Star’s Fall Continues as Operator Found Unfit for Queensland Casino License

  • Star has lost its Queensland license following a report that uncovered “major failings”
  • Major Star shareholder, Hong Kong-based Chow Tai Fook, is subject of a new investigation
  • Star hid millions of dollars as hotel expenses that were gambled with via China UnionPay cards
  • Last week, a whistleblower cast damning accusations at the Queensland casino regulator
Star Casino Queensland
Queensland has found Star unfit to hold a casino license, less than a month after it was ruled unfit to hold a Sydney counterpart. [Image:]

More of the same

Barely a month after being ruled unfit to hold a Sydney casino license, The Star Entertainment Group is taking more of the same medicine in Queensland.

unsuitable to hold a casino license

Australian media reported on Thursday that Queensland has ruled Star unfit to hold a casino license. Queensland Attorney General Shannon Fentiman took to Twitter to share the ruling and due process:

The ruling follows the publishing of 12 recommendations in an independent review by former judge Robert Gotterson. Fentiman stated Gotterson’s report highlighted “major failings” by Star in Queensland, which would have a negative impact on its integrity, honesty, and character.

The AG also mooted legislation suggested by Gotterson in which the government could install “special managers” to run the Star’s two Queensland casinos. This would ensure the AU$3.6bn (US$2.3bn) Queen’s Wharf casino development in central Brisbane would open as planned in 2023.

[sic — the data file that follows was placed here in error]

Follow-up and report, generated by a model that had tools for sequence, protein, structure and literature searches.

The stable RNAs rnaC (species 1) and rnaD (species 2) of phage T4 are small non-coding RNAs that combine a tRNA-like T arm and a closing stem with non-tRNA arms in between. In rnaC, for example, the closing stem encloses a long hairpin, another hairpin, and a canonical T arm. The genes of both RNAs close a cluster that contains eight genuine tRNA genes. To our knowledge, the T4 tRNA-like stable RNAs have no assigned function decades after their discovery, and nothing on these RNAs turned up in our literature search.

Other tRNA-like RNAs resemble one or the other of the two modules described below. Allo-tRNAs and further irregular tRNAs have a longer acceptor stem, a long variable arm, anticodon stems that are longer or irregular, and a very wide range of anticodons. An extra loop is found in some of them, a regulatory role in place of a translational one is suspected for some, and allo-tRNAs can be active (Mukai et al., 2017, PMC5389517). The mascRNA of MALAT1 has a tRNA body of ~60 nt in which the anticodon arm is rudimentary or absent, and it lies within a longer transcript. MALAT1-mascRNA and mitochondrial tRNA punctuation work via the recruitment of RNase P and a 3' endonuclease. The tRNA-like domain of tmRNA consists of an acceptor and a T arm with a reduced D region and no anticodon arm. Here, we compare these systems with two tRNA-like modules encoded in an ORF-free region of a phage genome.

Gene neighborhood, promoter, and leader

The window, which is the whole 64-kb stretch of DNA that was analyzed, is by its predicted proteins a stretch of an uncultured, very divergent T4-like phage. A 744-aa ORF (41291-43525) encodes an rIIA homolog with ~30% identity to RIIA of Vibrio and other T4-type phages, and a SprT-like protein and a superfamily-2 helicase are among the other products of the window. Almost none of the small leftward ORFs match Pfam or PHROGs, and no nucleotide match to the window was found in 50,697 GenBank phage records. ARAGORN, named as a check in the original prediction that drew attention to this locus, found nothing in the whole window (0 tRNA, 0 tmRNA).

Major shareholder probed

Thursday’s license ruling also confirmed that a major Star shareholder — Hong Kong-based jewelry empire Chow Tai Fook — is subject of a new investigation.

According to ABC News, the AG has ordered an official new probe into “Chow Tai Fook’s suitability as a major shareholder in Star and Queens Wharf.” This comes after the ABC alleged members of the family-run empire, which has a 25% stake in Queen’s Wharf, have:

links to known organized crime figures.”

In addition, Gotterson’s inquiry revealed that Star had enticed high-risk gamblers to travel to Queensland instead of banning them for obvious danger signs. It also included findings that Star authorized AU$55m (US$35m) to be hidden as hotel expenses and gambled with via China UnionPay card payments. 

Star will have three weeks to submit proof of its suitability for retaining a Queensland license once it receives the state’s show cause notice.

Last month, the acting CEO of Star Geoff Hogg resigned after the Bell report deemed his firm unsuitable to hold a casino license in Sydney.

‘The wild wild west’

Last week, a whistleblower cast damning accusations at the Queensland casino regulator. As reported by ABC, The source claimed that no prosecutions of casino operators in Queensland have taken place over the past five years.

Tim Costello, the chief advocate of an Australian gambling reform alliance, said that when it came to casino regulation:

Queensland is a “completely lawless state.”

“There have been no fines, there have been no sanctions, there has been no action [this] is the wild wild west up here in Queensland,” Costello asserted.

Leave a Reply

Your email address will not be published. Required fields are marked *